Washington State Pedestrian and Bicycle Miles Traveled Project

Krista Nordback, Portland State University

Summary:

Vehicle miles traveled (VMT) is a foundational metric of motor vehicle travel, used throughout the country for the purposes of funding, design, planning, and the study of motor vehicle use from safety and health to economic impacts. No equivalent metric is in common use for bicyclists and pedestrians. The lack of such a metric imposes severe limitations on how these modes are understood, funded, and included in design and planning. To rectify this situation, such a metric can be created. We propose to investigate how to create a pedestrian and bicycle miles traveled (PMT and BMT) metric on the state level and apply the method to the state of Washington. The state of Washington was chosen because Washington State Department of Transportation (WSDOT) collects bicycle and pedestrian counts on roads and paths in more than 30 cities around the state, the widest ranging non-motorized state data collection program in the country and because the state has specific interest in creating, funding, and using such a measure. We propose to investigate multiple methods and compare the results. While PMT and BMT could be computed from national survey data such as National Household Travel Survey (NHTS) and the American Community Survey (ACS), such estimates do not provide facility-level data needed for planning, design, safety studies, and policy decisions, and have been shown to underestimate PMT and BMT. Another approach would be more similar to VMT estimates, which are based on a system of automated permanent and short-duration count stations. Applying this approach to non-motorized travel, count data could be used to estimate PMT and BMT. PMT and BMT computed from counts can provide a performance metric for pedestrian and bicyclist traffic on facilities throughout the state. Other methods will also be investigated. The methods will be compared and evaluated.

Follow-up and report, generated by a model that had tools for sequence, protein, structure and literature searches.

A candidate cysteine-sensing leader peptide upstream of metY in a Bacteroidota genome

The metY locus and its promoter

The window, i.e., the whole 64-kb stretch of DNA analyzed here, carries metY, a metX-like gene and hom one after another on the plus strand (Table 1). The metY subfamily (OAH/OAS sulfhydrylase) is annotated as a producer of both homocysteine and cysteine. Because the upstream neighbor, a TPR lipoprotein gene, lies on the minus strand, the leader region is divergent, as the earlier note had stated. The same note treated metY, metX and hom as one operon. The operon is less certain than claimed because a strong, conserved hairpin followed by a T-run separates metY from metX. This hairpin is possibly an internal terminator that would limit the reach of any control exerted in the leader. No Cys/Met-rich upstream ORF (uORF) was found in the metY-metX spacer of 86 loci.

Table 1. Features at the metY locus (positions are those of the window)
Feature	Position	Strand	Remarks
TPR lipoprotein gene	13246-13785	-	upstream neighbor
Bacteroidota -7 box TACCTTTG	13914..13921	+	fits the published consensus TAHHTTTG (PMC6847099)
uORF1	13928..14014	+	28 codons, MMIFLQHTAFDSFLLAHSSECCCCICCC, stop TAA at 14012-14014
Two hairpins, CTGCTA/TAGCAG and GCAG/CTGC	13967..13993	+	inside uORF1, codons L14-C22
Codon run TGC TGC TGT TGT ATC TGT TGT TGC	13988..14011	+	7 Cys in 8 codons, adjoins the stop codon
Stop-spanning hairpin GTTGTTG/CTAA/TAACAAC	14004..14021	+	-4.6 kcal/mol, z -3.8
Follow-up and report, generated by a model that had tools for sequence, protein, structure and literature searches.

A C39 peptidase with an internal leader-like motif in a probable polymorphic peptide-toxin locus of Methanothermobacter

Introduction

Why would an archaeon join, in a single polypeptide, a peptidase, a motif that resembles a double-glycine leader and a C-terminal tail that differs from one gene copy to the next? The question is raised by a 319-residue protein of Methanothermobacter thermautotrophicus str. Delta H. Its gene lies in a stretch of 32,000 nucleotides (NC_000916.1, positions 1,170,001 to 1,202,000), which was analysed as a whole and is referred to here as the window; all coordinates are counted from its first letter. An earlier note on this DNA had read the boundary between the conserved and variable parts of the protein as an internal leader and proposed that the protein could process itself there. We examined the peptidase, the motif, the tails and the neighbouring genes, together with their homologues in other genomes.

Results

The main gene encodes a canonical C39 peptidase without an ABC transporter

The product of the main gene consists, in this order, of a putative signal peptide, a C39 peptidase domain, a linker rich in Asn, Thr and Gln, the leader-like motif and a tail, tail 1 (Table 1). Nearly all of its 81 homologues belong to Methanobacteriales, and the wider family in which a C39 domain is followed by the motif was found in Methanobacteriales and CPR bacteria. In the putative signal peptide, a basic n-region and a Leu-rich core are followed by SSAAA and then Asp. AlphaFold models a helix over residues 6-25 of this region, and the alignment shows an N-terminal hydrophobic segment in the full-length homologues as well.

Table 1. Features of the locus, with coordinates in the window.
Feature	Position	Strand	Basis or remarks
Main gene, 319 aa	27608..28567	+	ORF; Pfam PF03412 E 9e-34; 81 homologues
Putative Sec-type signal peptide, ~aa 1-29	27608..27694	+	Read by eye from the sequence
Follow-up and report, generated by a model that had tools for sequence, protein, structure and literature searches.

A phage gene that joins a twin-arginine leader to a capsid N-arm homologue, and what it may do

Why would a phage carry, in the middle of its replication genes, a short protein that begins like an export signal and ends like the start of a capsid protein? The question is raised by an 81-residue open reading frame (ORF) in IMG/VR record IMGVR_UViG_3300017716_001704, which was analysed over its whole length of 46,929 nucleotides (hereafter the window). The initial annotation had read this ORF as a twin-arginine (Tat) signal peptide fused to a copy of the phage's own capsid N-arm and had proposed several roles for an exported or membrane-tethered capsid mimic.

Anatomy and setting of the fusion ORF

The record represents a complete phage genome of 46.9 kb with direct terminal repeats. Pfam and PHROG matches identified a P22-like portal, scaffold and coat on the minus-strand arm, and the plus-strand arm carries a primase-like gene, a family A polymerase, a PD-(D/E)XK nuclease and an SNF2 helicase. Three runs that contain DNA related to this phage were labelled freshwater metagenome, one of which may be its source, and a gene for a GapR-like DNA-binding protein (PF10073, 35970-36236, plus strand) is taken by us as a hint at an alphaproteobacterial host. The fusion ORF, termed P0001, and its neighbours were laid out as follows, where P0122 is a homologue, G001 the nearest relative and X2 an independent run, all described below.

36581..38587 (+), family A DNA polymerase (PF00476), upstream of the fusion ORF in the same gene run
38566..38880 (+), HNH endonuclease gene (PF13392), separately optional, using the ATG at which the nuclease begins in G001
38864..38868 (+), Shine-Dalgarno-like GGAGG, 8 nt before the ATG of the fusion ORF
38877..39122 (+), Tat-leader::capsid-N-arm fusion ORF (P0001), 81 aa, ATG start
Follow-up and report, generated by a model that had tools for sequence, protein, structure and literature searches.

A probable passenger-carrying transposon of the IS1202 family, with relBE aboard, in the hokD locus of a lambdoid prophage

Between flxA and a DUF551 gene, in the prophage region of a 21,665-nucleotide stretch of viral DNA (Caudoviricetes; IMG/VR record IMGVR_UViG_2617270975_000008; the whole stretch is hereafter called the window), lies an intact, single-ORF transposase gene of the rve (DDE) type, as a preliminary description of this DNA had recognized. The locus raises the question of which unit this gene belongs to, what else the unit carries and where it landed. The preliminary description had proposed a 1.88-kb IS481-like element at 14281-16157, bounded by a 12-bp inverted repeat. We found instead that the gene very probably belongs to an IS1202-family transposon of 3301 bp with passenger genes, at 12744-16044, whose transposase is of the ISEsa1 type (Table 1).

Project Details

Project Type:
Research
Project Status:
Completed
End Date:
June 30,2015
UTC Grant Cycle:
NITC Tier 1 Round 2
UTC Funding:
$44,428